Scientists from the European Southern Observatory (ESO) have shared new images of the planet Neptune, and they’re some of the best we’ve ever seen of the distant planet. In fact, they rival images previously snapped by Voyager 2, which flew by Neptune back in 1989.

The images were captured by the ESO’s Very Large Telescope (VLT) using a new adaptive optics mode known as laser tomography. By utilizing the new technique, scientists are able to capture images from Earth that are sharper than those snapped by the NASA Hubble Space Telescope, which is currently our planet. Scientists say the unprecedented technology will allow them to better study properties of cosmic objects.

A post on the ESO’s website expands on how the VLT’s new technology works:

The MUSE (Multi Unit Spectroscopic Explorer) instrument on ESO’s Very Large Telescope (VLT) works with an adaptive optics unit called GALACSI. This makes use of the Laser Guide Star Facility, 4LGSF, a subsystem of the Adaptive Optics Facility (AOF). The AOF provides adaptive optics for instruments on the VLTs Unit Telescope 4 (UT4). MUSE was the first instrument to benefit from this new facility and it now has two adaptive optics modes — the Wide Field Mode and the Narrow Field Mode.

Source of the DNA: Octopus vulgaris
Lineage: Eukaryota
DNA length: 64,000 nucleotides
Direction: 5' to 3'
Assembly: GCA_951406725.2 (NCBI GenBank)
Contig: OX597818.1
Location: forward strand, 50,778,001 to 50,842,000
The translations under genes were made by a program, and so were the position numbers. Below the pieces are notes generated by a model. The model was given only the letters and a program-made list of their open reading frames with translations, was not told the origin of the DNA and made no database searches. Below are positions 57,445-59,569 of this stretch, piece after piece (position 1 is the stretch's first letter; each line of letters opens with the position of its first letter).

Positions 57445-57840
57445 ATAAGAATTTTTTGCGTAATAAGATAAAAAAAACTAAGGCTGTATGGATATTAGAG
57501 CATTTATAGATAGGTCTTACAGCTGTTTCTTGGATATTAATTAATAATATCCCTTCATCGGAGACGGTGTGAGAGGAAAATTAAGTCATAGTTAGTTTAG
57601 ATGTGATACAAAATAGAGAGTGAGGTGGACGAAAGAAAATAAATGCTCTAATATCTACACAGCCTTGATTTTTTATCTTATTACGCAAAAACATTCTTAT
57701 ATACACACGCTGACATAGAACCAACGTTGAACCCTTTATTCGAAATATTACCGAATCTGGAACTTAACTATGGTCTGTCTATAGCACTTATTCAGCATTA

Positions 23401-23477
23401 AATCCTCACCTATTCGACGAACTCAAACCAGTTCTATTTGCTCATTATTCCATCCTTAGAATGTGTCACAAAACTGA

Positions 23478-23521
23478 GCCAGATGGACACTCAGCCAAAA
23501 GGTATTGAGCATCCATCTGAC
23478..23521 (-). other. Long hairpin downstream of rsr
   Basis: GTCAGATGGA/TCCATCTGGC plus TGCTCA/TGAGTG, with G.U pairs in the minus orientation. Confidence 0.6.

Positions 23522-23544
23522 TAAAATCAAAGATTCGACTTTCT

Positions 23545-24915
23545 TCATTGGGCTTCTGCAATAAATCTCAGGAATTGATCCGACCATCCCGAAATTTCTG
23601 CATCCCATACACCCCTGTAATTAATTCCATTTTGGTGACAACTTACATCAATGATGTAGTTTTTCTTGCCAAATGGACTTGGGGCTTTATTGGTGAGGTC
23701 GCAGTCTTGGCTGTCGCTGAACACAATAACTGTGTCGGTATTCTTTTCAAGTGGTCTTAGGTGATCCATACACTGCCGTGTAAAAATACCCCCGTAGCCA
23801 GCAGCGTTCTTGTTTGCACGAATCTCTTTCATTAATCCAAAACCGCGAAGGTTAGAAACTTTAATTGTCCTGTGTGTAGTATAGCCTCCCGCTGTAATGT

The MUSE Wide Field Mode coupled to GALACSI in ground-layer mode corrects for the effects of atmospheric turbulence up to one kilometre above the telescope over a comparatively wide field of view. But the new Narrow Field Mode using laser tomography corrects for almost all of the atmospheric turbulence above the telescope to create much sharper images, but over a smaller region of the sky.

Earth-based telescopes often struggle to capture sharp images of distant objects due to the Earth’s atmosphere, which tends to distort light as it passes through. That’s why when you look up and see a star you’ll see it twinkle. The adaptive optics of the VLT compensates for the blurring effect, according to the ESO, allowing for sharper images to be captured.

With the technology, scientists are hoping to study objects such as supermassive black holes, jets from young stars, globular clusters, supernovae, and more. For now, we have these spectacular images of Neptune to drool over.